The Love of Lavender

This is an exciting season for me…my lavender was showcased at the Francis Flowers & Herbs Farms Herb Walk in Pickens, Mississippi. Really cool for this California gal! This is the first year that we are bundling and selling our lavender to the public. If you would like to purchase sustainable grown Lavender, please send an email to

The fragrant fuzzy buds of lavender are beginning to spring from the silvery mounds of foliage in our gardens. Our lavender flowers are in full bloom displaying the rich shades of purple spikes that I admire. This is the perfect time to share, enjoy and use this wonderful plant.
I have been passionately exploring growing and using lavender for about five years. I am so excited about the new business opportunities. Not only has the Lavender been showcased at events, but our products will be used in Cine’ Hair and Skin Care products.
My dear friend Cine will use the Lavender leaves, flowers, stems and the essential oil for her bath and body products that are scheduled to be released later this year. I will keep you posted when the products are available.

The use of lavender has been documented for about 2500 years. Lavender was used for mummification and perfume by the Egyptians.
The Greeks and the Romans bathed in lavender scented water. Queen Elizabeth I of England valued lavender as a perfume. It has been said that she commanded that the royal table should never be without conserve of lavender and she had fresh lavender flowers available year round in the garden. She also drank Lavender tea to help ease her migraines and used it as a body perfume.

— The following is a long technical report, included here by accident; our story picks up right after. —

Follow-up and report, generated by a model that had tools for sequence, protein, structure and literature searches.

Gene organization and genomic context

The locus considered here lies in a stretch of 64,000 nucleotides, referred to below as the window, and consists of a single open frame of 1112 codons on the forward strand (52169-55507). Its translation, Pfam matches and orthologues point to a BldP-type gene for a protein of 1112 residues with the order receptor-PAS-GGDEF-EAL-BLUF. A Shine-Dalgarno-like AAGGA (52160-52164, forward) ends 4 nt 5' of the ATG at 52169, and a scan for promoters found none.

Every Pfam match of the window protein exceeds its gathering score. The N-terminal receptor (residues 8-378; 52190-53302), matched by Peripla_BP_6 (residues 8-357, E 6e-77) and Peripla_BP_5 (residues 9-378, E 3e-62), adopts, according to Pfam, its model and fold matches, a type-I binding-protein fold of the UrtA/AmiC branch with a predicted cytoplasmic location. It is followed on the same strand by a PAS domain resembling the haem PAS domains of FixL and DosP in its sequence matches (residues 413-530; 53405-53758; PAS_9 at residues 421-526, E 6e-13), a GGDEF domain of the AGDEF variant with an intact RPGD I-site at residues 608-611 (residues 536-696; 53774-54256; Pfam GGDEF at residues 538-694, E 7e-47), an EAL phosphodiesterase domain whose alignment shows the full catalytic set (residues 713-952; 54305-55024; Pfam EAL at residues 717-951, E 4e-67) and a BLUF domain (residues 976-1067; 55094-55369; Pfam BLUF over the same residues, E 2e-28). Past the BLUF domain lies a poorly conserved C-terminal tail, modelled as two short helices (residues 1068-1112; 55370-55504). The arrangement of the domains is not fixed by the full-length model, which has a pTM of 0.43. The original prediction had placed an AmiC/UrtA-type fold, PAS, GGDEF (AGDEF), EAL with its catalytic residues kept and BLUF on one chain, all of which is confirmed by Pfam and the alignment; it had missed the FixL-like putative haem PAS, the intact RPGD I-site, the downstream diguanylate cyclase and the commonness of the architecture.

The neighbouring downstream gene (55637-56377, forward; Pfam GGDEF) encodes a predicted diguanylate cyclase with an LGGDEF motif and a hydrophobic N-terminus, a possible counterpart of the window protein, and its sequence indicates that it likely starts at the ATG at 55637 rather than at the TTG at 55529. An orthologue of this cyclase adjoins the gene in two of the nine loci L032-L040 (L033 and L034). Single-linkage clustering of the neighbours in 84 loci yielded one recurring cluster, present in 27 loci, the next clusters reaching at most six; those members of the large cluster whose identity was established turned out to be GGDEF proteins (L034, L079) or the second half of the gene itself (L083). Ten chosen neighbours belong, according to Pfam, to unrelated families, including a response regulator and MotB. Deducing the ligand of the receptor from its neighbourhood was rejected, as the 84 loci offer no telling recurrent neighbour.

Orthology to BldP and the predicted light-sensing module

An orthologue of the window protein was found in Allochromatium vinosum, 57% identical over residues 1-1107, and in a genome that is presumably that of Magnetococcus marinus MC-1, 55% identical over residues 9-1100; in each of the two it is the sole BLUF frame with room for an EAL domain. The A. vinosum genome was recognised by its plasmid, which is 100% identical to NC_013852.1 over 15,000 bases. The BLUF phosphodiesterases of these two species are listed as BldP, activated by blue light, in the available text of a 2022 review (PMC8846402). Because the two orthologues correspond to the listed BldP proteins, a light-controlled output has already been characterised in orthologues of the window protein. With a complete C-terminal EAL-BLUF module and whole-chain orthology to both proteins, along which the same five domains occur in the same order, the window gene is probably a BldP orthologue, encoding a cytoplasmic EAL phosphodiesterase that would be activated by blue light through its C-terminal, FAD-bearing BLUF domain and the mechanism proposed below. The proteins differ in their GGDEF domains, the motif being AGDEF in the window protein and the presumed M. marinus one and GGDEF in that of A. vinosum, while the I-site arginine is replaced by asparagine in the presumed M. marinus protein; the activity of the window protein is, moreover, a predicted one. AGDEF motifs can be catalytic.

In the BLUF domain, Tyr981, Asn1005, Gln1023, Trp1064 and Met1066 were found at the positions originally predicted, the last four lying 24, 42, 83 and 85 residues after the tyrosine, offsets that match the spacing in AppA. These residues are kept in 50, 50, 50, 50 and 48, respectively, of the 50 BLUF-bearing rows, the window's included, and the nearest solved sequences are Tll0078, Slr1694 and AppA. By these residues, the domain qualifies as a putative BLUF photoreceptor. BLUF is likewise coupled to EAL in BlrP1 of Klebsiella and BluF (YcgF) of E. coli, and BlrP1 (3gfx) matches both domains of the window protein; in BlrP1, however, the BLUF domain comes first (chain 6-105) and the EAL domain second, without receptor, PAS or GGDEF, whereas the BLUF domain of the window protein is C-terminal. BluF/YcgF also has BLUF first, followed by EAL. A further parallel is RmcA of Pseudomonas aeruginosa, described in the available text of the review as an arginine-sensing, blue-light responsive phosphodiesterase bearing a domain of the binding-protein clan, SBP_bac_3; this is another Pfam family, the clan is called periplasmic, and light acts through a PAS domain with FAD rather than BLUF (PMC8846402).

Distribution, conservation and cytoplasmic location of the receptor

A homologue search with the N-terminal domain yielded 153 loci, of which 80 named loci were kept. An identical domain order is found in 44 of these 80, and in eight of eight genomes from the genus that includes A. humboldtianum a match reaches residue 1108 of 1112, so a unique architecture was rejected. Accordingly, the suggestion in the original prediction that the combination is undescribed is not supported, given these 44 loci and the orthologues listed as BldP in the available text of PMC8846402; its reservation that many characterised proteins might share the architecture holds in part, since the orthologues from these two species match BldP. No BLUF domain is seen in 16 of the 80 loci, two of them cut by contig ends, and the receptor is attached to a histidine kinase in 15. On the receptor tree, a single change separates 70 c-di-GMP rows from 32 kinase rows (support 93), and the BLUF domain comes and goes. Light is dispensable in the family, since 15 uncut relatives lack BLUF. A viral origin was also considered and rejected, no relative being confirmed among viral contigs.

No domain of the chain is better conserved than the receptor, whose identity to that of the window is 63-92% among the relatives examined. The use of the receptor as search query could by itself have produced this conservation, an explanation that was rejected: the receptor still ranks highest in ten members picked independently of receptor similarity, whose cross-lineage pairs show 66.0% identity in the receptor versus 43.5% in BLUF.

Lavender has assorted therapeutic properties and freshens everything it touches. Lavandula, derives from the Latin word lavare, which means “to wash.” To create a wash, take about 16 ounces of water, add a few drops of an unscented liquid soap like Dr. Bonners and about ten drops of lavender essential oil. Shake well before using and try it everywhere. Wash hands and body, dishes, counter tops, bathrooms and floors.

Lavender is soothing and especially helpful for relieving headaches and stress. It brings balance to our emotions. The oil can be rubbed on different parts of the body to slow down the nervous system and encourage relaxation in the body. Make a spritzer with witch hazel, distilled water and lavender essential oil to refresh skin and senses. Put fresh or dried lavender in bath water to ease muscle and mental tensions. A cup of iced or hot tea may help relieve minor anxiety and stomach discomforts and will definitely delight the senses.
Lavender is an antiseptic and calmative. During the First World War, nurses bathed soldiers' wounds with lavender washes. Eczema, acne, and fungal infections have been successfully treated with lavender. It is one of the few essential oils you can apply directly to your skin. You can use it for minor burns and cuts like you would aloe vera. In fact those two combined make an excellent treatment for burns from heat and flame and sunburned skin.